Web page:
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I'm teaching astronomy next quarter. I wanted to infuse some Hawaiian culture into the lesson by using the Hawaiian voyaging canoes. In my mind, that was remarkable... to be navigating without any "modern" technology, yet they were so knowledgable about the stars. This is a long-shot, but would anyone happen to have resources to share or guide me to? Any suggestions would be greatly appreciated
Mahalo!!! (thank you!!)
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Ken which grade level do you teach? And what island are you on? There is the Imiloa center in Hilo on Big Island that does have some curriculum for this. They give out some scholarships for field trips, but that won't work if you are on a different island. They have a great planetarium that shows the constellations and talk about how the Hawaiians used this for navigation. I teach third grade but I think the fourth graders learn about that curriculum at my school. I am not completely sure though.
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Oh here is the link for Imiloa's website and for teacher resources:
Thank you for the info, Shawna! Definitely a valuable resource.
I teach high school but could definitely modify for my students. I am at Kalaheo HIgh in Kailua, Oahu.
Thank you for the link. Although I teach on Oahu, I am sure I can use some of the resources from this site and adapt them to my teaching. There are many resources on the site that explain star patterns and constellations. One of the third grade benchmarks in Hawaii is to explain that constellations only appear to move, but in reality stay in the same position. I printed out the constellation identification cards that I will hopefully use for a lesson later on in identifying and explaining constellations. My students love to play games and I can see them using the cards to play "memory".
Another idea I liked was the kinesthetic learner section on the moon phases and position of the sun and Earth. I have many active children in my class who will appreciate a lesson that incorporates movement. I can definitely see this getting my students engaged.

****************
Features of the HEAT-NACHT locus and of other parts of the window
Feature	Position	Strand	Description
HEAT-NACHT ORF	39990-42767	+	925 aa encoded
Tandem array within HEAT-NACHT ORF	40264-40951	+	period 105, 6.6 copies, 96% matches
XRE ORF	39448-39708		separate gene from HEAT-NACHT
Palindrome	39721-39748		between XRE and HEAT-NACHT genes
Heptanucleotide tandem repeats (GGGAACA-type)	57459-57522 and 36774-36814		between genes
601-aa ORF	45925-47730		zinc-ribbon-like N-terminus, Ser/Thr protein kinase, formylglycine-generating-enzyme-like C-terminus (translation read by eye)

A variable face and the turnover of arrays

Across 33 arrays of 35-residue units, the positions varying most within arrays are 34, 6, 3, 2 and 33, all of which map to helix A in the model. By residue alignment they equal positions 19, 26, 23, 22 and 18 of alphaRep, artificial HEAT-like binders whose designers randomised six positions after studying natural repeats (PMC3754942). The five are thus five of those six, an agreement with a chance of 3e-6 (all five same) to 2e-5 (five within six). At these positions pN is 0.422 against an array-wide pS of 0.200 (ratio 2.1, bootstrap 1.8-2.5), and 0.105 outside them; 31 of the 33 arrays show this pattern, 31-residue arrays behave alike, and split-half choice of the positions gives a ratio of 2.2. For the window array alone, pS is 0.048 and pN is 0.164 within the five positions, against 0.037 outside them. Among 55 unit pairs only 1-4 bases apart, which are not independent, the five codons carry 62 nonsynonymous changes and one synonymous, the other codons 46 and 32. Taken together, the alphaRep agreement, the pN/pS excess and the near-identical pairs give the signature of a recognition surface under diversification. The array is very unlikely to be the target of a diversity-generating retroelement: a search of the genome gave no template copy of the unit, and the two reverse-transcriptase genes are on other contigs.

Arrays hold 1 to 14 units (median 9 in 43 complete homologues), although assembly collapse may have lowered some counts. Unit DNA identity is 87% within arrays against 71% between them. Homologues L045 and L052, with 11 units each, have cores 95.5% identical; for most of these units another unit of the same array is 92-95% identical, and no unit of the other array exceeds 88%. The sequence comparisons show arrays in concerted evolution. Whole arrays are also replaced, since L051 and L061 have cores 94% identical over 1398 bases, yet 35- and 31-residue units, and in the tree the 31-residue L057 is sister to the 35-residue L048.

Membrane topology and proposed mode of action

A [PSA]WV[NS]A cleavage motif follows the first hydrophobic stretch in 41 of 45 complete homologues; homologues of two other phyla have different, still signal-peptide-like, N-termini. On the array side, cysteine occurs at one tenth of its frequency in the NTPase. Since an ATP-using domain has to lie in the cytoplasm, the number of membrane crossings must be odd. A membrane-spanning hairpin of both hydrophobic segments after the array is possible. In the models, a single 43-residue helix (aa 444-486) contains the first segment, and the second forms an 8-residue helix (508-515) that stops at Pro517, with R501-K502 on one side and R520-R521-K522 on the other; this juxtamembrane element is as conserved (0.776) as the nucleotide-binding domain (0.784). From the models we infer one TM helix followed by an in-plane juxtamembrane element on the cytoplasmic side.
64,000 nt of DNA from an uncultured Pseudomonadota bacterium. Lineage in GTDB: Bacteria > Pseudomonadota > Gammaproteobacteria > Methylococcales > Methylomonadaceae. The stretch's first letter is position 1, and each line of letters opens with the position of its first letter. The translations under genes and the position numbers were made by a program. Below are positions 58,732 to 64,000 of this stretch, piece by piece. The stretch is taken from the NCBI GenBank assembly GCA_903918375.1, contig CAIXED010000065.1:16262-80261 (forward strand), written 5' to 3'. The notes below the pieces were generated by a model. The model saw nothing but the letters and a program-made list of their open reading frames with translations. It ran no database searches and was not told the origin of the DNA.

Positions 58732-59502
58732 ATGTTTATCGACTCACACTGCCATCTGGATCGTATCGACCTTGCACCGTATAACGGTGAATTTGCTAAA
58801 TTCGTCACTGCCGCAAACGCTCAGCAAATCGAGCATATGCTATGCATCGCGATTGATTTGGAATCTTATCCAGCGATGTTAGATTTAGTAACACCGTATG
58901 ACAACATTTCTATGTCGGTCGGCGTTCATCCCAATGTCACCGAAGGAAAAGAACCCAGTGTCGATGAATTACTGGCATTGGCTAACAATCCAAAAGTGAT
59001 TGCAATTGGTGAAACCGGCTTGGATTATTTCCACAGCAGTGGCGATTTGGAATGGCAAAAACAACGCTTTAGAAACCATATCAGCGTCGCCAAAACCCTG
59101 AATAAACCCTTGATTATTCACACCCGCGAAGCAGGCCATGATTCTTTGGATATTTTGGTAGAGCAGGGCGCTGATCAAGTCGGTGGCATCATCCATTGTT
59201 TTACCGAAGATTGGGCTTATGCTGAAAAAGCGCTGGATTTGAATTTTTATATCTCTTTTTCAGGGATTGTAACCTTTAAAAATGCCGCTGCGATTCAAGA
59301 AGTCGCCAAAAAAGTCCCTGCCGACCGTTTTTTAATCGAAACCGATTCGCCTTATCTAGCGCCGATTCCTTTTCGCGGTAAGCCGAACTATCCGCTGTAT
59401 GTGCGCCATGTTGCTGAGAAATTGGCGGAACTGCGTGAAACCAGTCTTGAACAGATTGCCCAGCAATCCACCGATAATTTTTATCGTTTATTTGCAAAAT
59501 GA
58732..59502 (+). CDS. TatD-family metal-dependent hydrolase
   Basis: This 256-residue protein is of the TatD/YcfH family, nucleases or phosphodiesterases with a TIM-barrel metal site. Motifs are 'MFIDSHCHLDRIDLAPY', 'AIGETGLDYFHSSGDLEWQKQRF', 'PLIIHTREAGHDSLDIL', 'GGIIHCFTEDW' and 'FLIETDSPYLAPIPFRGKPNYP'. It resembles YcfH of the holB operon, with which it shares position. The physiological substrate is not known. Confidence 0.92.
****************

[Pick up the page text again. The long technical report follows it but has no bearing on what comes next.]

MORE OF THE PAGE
Thanks for the great resource.
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I have always found this topic full of richness and opportunity to connect culture and science. In addition to the links others have provided, I would suggest you take a look at the Kumulipo, or Hawaiian creation myth. It might be interesting to do a cross cultural comparison of Greek mythology and creation stories, relating this all back to the big bang and constellations - perhaps even bringing up the concept of perspective. Lot o' worms in this can, though - but a rich, deep topic.
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I believe WCC has the Hokulani Imaginarium. They will have a show called Mauna Kea Between Earth and Sky, it's the same one that Imiloa shows in Hilo, I believe they are showing it in April, unfortunately. They do school field trips also.
Another place in Oahu would be Bishop Museum, they have the show Explorers of Polynesia. If you are interested in using a virtual planetarium in class, I would suggest you download "stellarium" you can alternate the myth and lore feature to different cultures, even polynesian. The myth and lore feature shows you the constellation according to the chosen culture. You could try out the Polynesian Voyaging site for compasses, lesson plans and other resources.